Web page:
Web moves fast. Technology changes faster than Denver’s weather, and while the pace is exciting, it can also be overwhelming keeping up. I sometimes feel like a dinosaur because I’m not on Pinterest yet (gasp!).

But I’m ok with that, because I have a framework for prioritizing my web marketing efforts, and I’ve determined that while Pinterest has its merits, it would be a very small fraction of my overall marketing strategy.

Let me explain.

Your website’s revenues depend on three factors:

– Getting traffic

– Converting traffic

– Having a positive dollar value for conversions

Multiply those three numbers together, and that’s your revenue:

Revenue = T x CR x VC


T = Traffic

CR = Conversion Rate

VC = Value of a Conversion

For example, let’s say your site has:

– 10,000 visitors a month

– 2% conversion rate

– Conversions are worth $100 each

Your site’s revenues are 10,000 x 2% x $100 = $20,000/month

If any of those numbers on the left side of the equation are 0, you’re not making any money. Yet businesses spend a disproportionate amount of time and money on traffic alone. In fact, according to Bryan Eisenberg, for every $92 companies spend driving traffic to their sites, only $1 is spent converting it.  Ouch!

But those three factors – traffic, conversion rate, and the value of a conversion – are equally important.  Neglect any of them and you’re doomed.

Let’s drill down on each one:

1. Traffic is broken down into paid or earned (not free; traffic is never free).

   a. Paid traffic is like traditional advertising, where you pay for clicks on, or impressions of, your ads.

   b. Earned traffic is broken down into SEO or Social Media, where good content and strong networks matter.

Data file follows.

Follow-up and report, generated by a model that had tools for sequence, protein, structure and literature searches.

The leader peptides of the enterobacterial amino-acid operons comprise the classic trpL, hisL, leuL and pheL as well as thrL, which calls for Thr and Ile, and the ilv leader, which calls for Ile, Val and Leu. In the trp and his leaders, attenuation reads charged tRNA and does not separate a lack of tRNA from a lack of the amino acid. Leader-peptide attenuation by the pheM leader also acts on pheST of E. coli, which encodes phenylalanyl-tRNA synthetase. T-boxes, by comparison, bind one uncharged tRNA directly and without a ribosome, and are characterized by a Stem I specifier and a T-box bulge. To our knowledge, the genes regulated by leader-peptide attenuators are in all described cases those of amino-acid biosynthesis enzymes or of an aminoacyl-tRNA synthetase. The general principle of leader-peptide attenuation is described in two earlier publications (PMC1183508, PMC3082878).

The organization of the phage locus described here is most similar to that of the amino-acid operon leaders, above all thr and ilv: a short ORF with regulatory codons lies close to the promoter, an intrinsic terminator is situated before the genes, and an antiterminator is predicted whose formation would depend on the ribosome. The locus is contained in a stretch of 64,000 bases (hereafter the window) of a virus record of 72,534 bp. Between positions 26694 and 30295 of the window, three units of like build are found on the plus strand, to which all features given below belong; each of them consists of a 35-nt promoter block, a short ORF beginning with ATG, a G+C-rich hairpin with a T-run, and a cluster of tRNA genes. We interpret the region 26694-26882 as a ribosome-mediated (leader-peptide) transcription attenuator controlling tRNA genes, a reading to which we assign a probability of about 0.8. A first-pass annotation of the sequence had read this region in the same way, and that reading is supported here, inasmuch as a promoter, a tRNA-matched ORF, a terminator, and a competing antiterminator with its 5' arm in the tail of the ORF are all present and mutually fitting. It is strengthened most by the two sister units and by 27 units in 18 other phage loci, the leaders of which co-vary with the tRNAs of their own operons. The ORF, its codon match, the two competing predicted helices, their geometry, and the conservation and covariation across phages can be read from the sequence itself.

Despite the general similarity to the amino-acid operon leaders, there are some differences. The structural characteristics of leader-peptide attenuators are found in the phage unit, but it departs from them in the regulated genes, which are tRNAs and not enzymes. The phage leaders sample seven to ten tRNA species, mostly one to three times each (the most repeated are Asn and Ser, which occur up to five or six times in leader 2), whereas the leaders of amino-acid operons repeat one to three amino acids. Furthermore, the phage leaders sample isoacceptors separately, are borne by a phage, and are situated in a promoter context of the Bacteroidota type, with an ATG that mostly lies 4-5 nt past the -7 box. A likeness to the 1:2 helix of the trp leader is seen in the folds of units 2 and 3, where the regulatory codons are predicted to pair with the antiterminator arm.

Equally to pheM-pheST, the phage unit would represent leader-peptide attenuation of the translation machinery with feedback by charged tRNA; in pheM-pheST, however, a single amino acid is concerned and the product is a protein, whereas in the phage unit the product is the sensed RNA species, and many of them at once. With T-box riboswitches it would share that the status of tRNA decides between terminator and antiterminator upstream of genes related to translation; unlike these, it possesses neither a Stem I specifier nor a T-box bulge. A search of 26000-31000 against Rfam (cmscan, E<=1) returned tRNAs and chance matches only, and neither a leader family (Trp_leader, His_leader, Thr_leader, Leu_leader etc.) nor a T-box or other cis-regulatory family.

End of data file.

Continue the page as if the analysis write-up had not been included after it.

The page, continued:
i.      SEO can be further divided into on-page vs. off-page efforts, as well as local and non-local rankings.

      ii.     Social media is divided into about a million different platforms – of which Pinterest is one.

2. Conversion Optimization is a systematic process of finding and fixing problems on your site.

   a. Finding problems consists of using web analytics to identify problems and gathering user feedback to figure out why those problems exist.

   b. Fixing problems entails creating hypothesis and running A/B or multivariate tests.

3. Value of a Conversion

   a. For ecommerce sites, this is your average order value, which can be increased with upsells, cross-sells, and price anchoring, where you show the most expensive item first so the other products seem more affordable in comparison.

   b. For lead gen sites, it’s the value of a lead. It means determining how much a phone call, chat, form fill, etc., is worth to you, and how many of each you need, before you can close a deal. And when you do, it’s up to your salespeople to optimize the value of those deals. There’s a lot of salesmanship behind the questions you ask in your forms, for example, to lure the right people into filling them out.

  1. revenue factors chart

See where Pinterest fits into the grand scheme of things? This isn’t an argument that there’s no good traffic to be had from it; it’s just that it’s a sub-sub-sub-factor of one of three equally important factors. It shouldn’t demand too much of your time simply because it’s a shiny new channel.

Continue to embrace new technology as it emerges. But don’t beat yourself up if you’re not the first one to master the latest social media craze. Keep the big picture in mind and focus your efforts equally on getting traffic, converting it, and making money from those conversions.